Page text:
The HDV format is yet to make big inroads into the professional market, although Sony's Z1 camera is proving popular as a replacement for the PD170 in its SD 16:9 mode. "I'm not aware that broadcasters are using it for HD production," says Rose, who has raised concerns in the past in his role as standards officer at the Guild of TV Cameramen over the use of HDV for professional broadcast.
Hammerhead has 20 Sony Z1 cameras in stock and outgoing business manager Dan Jarmany says they are always out, but adds they are rarely used for HD work. Prime TV reports a similar scenario. "You can't get the Z1s out quick enough," says head of operations Chris Earls, "but they are shooting in DV." And until picture-editing issues for the HDV formats are resolved, Earls isn't expecting much change.
The fact is that hire companies are dictated to by the post-production market and never has this been so apparent than in 2005. "It was only this year I realised how influential post-houses can be," says Jarmany. He explains that the rise in HD camera rentals is directly linked to more facilities buying HD-capable kit and post-production rates dropping as a result.
The same cannot be said for the tapeless acquisition formats, which have proved to be this year's damp squib for the UK's hire market. "It will be another year before this format kicks in," predicts Jarmany. "Production companies think in theory it's fantastic, but they are put out by post-houses that constantly say they don't support XDCam, which isn't true." He claims facilities are not willing to sacrifice the income made through digitising tapes.
The past year has also seen a "new insurgence of freelancers on the market with their own kit", says Sloper. And while the falling prices of camera kit has meant more production companies buy their own, "that is not really having a dramatic effect", claims Jarmany.
Competition remains fierce in the hire market, and in March this year VFG Hire became the latest rental company to become victim of the relentless move towards price-cutting. The outfit's kit was acquired by Panavision, while reseller and hire-outfit Visual Impact Group took on key VFG staff to start up a drama-focused hire arm.
Other resellers are also seeing opportunity in the hire market, with Mitcorp being one high-profile entry in the past few months. The firm is pumping£2.5m into a new rental division specialising in HD kit.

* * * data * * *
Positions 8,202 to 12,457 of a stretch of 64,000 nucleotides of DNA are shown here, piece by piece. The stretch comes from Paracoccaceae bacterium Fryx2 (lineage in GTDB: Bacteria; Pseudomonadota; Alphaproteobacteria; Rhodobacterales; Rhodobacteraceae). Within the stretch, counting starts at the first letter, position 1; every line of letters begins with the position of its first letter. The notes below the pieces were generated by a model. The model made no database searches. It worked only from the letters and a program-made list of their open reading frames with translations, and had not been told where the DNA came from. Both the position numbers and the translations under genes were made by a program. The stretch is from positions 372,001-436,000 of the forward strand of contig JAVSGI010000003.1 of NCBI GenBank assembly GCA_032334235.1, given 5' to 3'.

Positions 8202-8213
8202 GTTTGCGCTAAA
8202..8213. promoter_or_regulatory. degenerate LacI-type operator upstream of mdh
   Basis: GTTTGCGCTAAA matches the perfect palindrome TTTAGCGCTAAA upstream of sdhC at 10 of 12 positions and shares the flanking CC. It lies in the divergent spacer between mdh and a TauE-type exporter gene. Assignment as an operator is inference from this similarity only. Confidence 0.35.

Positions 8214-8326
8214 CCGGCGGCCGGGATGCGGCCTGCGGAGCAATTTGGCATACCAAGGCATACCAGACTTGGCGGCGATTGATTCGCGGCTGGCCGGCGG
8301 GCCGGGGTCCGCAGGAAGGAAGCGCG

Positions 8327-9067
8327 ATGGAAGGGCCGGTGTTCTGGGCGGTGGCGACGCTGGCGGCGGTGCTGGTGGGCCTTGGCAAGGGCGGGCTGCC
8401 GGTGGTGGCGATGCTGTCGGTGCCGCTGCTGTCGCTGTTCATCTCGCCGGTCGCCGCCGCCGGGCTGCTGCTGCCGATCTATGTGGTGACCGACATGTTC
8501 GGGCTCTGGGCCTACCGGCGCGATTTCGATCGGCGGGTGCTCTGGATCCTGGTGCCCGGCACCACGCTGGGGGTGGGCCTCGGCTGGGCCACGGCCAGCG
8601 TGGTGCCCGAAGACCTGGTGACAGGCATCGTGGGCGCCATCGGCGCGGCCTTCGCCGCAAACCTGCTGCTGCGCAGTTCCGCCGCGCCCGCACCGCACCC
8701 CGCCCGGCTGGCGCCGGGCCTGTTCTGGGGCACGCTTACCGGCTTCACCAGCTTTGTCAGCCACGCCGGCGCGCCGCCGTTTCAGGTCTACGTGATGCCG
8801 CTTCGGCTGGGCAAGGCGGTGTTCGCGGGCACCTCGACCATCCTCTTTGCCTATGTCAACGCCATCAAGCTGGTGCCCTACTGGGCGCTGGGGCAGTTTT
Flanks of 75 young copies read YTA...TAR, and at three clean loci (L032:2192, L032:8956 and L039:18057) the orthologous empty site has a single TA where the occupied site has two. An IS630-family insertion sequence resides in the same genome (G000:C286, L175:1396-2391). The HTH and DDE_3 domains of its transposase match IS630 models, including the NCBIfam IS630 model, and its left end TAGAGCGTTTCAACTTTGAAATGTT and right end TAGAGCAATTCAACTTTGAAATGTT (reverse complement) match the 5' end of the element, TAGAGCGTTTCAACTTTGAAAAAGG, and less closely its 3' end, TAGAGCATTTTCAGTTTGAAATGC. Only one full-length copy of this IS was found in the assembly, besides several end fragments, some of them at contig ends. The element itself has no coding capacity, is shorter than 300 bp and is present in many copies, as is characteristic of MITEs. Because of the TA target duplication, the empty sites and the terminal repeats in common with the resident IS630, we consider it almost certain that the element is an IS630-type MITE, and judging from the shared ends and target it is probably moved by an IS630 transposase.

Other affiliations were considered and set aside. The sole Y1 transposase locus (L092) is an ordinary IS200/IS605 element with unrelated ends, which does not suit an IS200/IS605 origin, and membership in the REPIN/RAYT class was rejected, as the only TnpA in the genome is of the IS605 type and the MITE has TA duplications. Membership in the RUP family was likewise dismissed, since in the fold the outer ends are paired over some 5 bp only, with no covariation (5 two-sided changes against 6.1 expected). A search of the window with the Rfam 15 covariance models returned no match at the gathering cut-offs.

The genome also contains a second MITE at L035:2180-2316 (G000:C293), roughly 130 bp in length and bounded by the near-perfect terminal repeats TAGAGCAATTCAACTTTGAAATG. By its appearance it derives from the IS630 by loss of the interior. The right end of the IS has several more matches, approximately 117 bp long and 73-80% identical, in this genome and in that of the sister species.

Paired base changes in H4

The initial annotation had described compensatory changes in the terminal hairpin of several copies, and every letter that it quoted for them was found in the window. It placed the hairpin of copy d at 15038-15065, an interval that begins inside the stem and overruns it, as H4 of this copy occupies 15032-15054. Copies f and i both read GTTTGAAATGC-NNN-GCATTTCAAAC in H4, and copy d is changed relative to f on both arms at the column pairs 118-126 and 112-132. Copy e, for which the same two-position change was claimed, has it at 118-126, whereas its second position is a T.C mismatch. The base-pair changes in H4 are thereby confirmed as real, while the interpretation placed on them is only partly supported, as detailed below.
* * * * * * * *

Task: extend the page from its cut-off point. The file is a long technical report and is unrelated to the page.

But other hire companies think that Mitcorp could be in for a shock. "It is going to find itself having to buy a hell of a lot of little bits and pieces to join this business and it will get a fright," warns Shooting Partners' Hammond.
Lloyd feels that success in this market is about knowing your customers. "If you want to hire a box of equipment and you know exactly what you need then you can go to Mitcorp or any of those. But our clients come to us not just for the kit, but for the service and to ask what is required to get the best out of the kit we're supplying."
So it all comes down to hire companies giving advice and using their expertise as a market differentiator. Optex's Rose says: "We have seen producers increasingly rely on the expertise of suppliers to advise them about both equipment and strategies and I can't help thinking that as this trend continues, it is the 'value added' rental houses who are most likely to survive."
2005: A year in hire and crewing
· JANUARYPrime Television spends£30,000 on 12 Sony Z1 HDV cameras and three recorders.
· MARCHVFG Hire, one of the UK's largest rental companies with 80 staff and four sites, goes into administration.
· OB kit-hire outfit Fine Point Broadcast spends£1m on Sony HD cameras and equipment, as a third of its business becomes HD-focused.
· The BBC turns down a Sony sponsorship deal brokered by hire firm VMI to use HDCam kit for the return of Doctor Who. The BBC says negotiations started too late and plumps for DigiBeta instead.
· The hire community lashes out at the BBC for drastically undercutting them for DVCam work via its internal hire department, branded DV Solutions.
· MAYPanavision scoops up VFG's camera, grip and lighting stock from administrators Kroll for around£3m.
· Visual Impact takes on five VFG staff and forms a video-based drama and documentary kit-hire arm.
· SEPTEMBERBroadcast's kit-hire survey finds 96% of the market plan reinvestment in kit, with an average spend of£1.15m over the year; 40% are planning expansion in the next 12 months; almost a fifth admit to having made a loss to get a job.
· OCTOBERPresteigne Broadcast Hire ploughs more than£6.5m into HD kit in preparation for "a big year of sporting events".
· Visual Impact invests£300,000 in HD, placing the first major order for Sony's tapeless HD acquisition system XDCamHD - 20 camcorders and 10 viewing decks.
· Reseller Mitcorp announces a HD rental division headed by ex-Gearhouse Rental manager Stephen Ratcliff.
· NOVEMBERClear Cut Hire buys Central Rental's Avid inventory for£300,000.
· Hire house Hyperactive Broadcast acquires audio facility SoundStation.
· Post-production kit hire specialist TVE expands operations into Birmingham to improve service to its northern and Scottish customers.
· DECEMBERTransmission TX says it won't buy any more SD cameras and repositions its business as an HD rental service.
· Hammerhead buys new premises in Manchester with an aim to expand its operations in the new year.